After a welcome break from the blogosphere I’m back with my report on the Narrative in Interactive Learning Environments 2008 conference, held at Edinburgh University 6th – 8th August.
Day 1 kicked off with a keynote speech by Dr. Donald Smith, director of the Scottish Storytelling Centre, author, playwright, poet and storyteller. For me, the phrase that stuck out was his assertion that a learning environment—as well as being effective etc.—should be “life-enhancing.” Well said.
Ruth Aylett followed. Ruth has been very active in this field for many years and is a conference regular. She tends to have rather a rigid view of narrative, in my opinion, but to her credit she is soldiering away at the hard end of the narrative spectrum and is always good value. Her paper concerned the development of an ’emergent narrative environment’ that is partly rule-based and partly AI: she talked of using a “continuous-planning” software agent that has the role of “gamesmaster.” Very clever. Must read the paper.
Andrew Stranieri (above) presented work on measuring the dramatic intensity in games. Katy Howland‘s presentation focused on using an off-the-shelf game creation tool—Neverwinter Nights—to develop literacy skills. Radnia Hodhod talked about an “intelligent tutoring system” that used narrative.
Next up was Dr. Paul Mulholland (above). His presentation was a work-in-progress report on the SILVER project (Semantic Interactive Learning Visualization Environment Research). This is a collaboration between the Knowledge Media Institute, the Bridgeman Art Library, and Lexara that aims to provide students with a narrative learning environment based on image sequences. From the SILVER website:
SILVER will produce a toolkit for building Visual Interactive Publications (VIPs). A VIP is a dynamic, visual presentation that combines existing resources according to their semantic description and user goals to support creative problem solving. VIPs will use visualisation techniques to make the semantic structure visible in the context of the resources and learner tasks. Visualisation will also allow the user to uncover complex knowledge structures associated with different perspectives on the same situation.
The basic software will be content independent and will allow teachers to add their own content specific to their own needs. The project will also develop a set of preloaded content relating to learning outcomes set out in the National Curriculum. Teachers will be able to use these preloaded examples without modification or use them as a basis for developing lessons more refined to their individual needs. A key part of the project will be to investigate new ways of delivering and visualising the content on a wide variety of hardware such as whiteboards and mobile devices including PDAs.
Paul is my PhD supervisor and I know his work really well: this is just another example of his cutting-edge work on NILEs.
My presentation—entitled ‘Narrative & New Media’—was next. I will post a separate blog entry on it later. Brian Lighthill then gave a very practical demonstration of his methods for teaching Shakespeare in schools. This was followed by Sean Hammond‘s interesting presentation about his ongoing work developing a children’s story authoring environment based around Propp’s morphology. The basic idea revolved around the use of story cards, each one of which represented one of Propp’s functions. Children could select a set of cards from the pack and then write their own story around this basic framework:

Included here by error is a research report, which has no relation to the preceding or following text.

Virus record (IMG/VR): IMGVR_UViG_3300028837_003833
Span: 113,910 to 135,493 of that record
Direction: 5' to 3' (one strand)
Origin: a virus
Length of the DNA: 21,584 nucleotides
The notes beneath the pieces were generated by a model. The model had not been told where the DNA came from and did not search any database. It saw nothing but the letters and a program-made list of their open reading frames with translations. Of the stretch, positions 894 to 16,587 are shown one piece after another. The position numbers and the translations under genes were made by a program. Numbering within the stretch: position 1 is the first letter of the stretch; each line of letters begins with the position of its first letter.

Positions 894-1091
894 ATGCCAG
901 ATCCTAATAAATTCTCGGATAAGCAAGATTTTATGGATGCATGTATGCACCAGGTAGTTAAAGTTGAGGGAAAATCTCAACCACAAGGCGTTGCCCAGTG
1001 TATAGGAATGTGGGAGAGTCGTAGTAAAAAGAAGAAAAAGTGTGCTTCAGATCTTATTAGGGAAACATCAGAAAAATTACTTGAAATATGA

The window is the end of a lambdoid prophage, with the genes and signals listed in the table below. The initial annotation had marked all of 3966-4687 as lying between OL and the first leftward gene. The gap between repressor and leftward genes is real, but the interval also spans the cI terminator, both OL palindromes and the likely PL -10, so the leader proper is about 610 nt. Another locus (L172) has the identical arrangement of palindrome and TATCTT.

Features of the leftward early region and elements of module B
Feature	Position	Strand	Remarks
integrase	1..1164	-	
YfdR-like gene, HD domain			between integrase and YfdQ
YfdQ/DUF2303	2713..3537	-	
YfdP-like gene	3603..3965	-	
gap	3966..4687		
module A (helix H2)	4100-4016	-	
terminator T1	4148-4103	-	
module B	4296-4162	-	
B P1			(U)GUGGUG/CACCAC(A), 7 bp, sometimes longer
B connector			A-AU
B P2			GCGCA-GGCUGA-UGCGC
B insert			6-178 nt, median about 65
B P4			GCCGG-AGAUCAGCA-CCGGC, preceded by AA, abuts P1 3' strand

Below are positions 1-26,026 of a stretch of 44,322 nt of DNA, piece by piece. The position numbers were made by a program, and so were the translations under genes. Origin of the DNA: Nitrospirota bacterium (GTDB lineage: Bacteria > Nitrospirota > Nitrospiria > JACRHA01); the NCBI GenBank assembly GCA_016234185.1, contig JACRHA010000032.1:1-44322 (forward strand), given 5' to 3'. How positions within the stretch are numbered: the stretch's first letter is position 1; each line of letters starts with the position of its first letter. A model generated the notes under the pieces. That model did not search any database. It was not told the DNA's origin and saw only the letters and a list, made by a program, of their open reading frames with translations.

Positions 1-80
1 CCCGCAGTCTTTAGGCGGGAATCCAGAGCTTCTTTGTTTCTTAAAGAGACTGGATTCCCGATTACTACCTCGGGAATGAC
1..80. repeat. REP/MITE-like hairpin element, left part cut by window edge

The card set.
Card Number 9.
The Story Board.
The prototype software.
The next stage of Sean’s project will embed the story cards idea within a ‘drag-and-drop’ software object, but as you can see from the last photograph above it’s still at quite an early stage. Overall though, a really excellent piece of work.
The final paper of the day was presented by Krystina Madej and, in fact, followed on very neatly from my own. Her paper was entitled Traditional Narrative Structure – Neither Traditional Nor The Norm and talked about the way that the narrative structures that are not ‘Aristotelean’—and she cited Epic, Interlaced, and Framed narrative structures as examples—have been suppressed: even much of what Aristotle said about narrative is very rarely mentioned, such as his discussions on the use of the Prologue, Episode, Exode and Chorus. Where it absolutely ties in with my work is her assertion (from the conference paper):
As new communication media emerge they adopt and repurpose or remediate narratives. Even as each medium explores and creates its own aesthetic, the structure of print narrative is the standard that has been applied to narrative in all media.
I am totally in accordance with idea. Here’s a quote from the end of my conference paper:
Our view of narrative is distorted by the predominantly literary nature of our conception of it. The vast majority of narrative theorists and narratologists—Frye, Genette, Todorov, Barthes, Chatman, White, Herman, et al—have viewed narrative through the medium of the book: that is, writing amplified by print. This has a tendency to generate long-form narratives which are fixed within a formally closed text. However, if we look closely at the nature of the new media object as we have done here, it suggests that our ability to generate, comprehend, and make meaning from narrative may encompass a much wider range of forms than the literature suggests. At the very least it suggests we need to pay close attention to the way in which we deploy narrative in the new media environment.
And on that note I will leave you. As you can see form the above, the first day of NILE 2008 was very interesting and highly diverse. If you want more detail on some of these presenters and their work, you can find it on the NILE 2008 blog.
More later. Ciao!